Dual Process Model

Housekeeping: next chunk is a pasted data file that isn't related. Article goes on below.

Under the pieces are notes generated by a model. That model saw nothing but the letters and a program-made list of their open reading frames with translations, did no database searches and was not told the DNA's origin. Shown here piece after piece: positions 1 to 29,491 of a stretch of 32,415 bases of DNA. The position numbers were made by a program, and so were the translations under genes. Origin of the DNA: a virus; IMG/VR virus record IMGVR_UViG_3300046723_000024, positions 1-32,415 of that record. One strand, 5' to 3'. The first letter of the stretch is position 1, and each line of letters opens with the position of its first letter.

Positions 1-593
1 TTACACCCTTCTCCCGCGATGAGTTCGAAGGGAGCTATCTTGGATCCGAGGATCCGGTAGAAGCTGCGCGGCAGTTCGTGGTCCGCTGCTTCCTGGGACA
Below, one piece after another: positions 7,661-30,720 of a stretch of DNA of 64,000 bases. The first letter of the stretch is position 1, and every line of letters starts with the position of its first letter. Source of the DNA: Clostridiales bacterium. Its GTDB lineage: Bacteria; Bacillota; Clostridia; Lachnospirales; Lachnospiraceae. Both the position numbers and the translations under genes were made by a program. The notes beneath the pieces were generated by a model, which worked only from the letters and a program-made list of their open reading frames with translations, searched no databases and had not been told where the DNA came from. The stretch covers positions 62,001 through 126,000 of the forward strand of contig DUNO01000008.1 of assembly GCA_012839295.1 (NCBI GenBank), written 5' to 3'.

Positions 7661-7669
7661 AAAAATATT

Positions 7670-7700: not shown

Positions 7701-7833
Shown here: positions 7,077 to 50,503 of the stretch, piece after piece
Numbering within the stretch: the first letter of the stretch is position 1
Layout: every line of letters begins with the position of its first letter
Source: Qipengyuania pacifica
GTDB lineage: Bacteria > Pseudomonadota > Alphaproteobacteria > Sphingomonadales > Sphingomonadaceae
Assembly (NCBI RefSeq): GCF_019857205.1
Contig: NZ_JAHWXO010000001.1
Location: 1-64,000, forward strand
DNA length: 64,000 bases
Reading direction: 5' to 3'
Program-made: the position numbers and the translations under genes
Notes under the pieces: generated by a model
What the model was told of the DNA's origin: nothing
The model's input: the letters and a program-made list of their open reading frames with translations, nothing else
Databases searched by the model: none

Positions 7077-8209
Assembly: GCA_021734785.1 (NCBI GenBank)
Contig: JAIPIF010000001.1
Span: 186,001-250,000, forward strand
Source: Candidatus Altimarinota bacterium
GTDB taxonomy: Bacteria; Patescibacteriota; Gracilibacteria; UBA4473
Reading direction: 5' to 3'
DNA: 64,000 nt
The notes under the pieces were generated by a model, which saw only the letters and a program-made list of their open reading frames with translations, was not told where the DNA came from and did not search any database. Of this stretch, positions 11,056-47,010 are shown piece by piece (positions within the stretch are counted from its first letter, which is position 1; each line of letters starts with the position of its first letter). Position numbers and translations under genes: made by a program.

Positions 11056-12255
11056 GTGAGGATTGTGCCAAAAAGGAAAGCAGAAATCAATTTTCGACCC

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Being defined as “the psychological, behavioral, social and physical reactions to loss of someone or something that is closely tied to a person’s identity”(Casarett, Kutner, & Abrahm, 2001), grief is a “negative emotional response” (Dean A. Shepherd, 2003) that can affect one for days to even years. In the past, it was believed that most people recover from grief through the Kübler-Ross model, namely disbelief, yearning, anger, depression and acceptance. However as time progressed, the dual process model proposed that grieving people could participate in other activities that they are interested in to divert their attention, while withdrawing from their loss. Even though one is able to resume work while recovering from grief, it is often at work where the recovery process is not being supported and hence results in detachment. Aside from personal loss, loss of jobs also contributes to people suffering from grief. Since work makes up a large part of people’s lives, it is important that work acts as an avenue for one to heal. The creation of meaning via current jobs or new jobs will aid in restoring the lives of people. The healing process from grief can be further improved if there were to be support from the organization and superiors. In this article, the author mentioned works of Freud, Maciejewski et al. and Stroebe and Schut to illustrate how people recover from grief through time. Furthermore, Bento’s and Zell’s works were also used to further emphasize her point that support from work plays an important part in the process of healing. However, other theoretical perspectives that the author did not recognize would include that of Wortman and Silver, as well as that of Bonanno and Kaltman. Wortman and Silver argues that the last stage of the Kübler-Ross model, which is acceptance is not always attainable. (Wortman & Silver, 1989) Instead of feeling deep grief followed by recovery over time, they suggested that there is other ways people adjust to...
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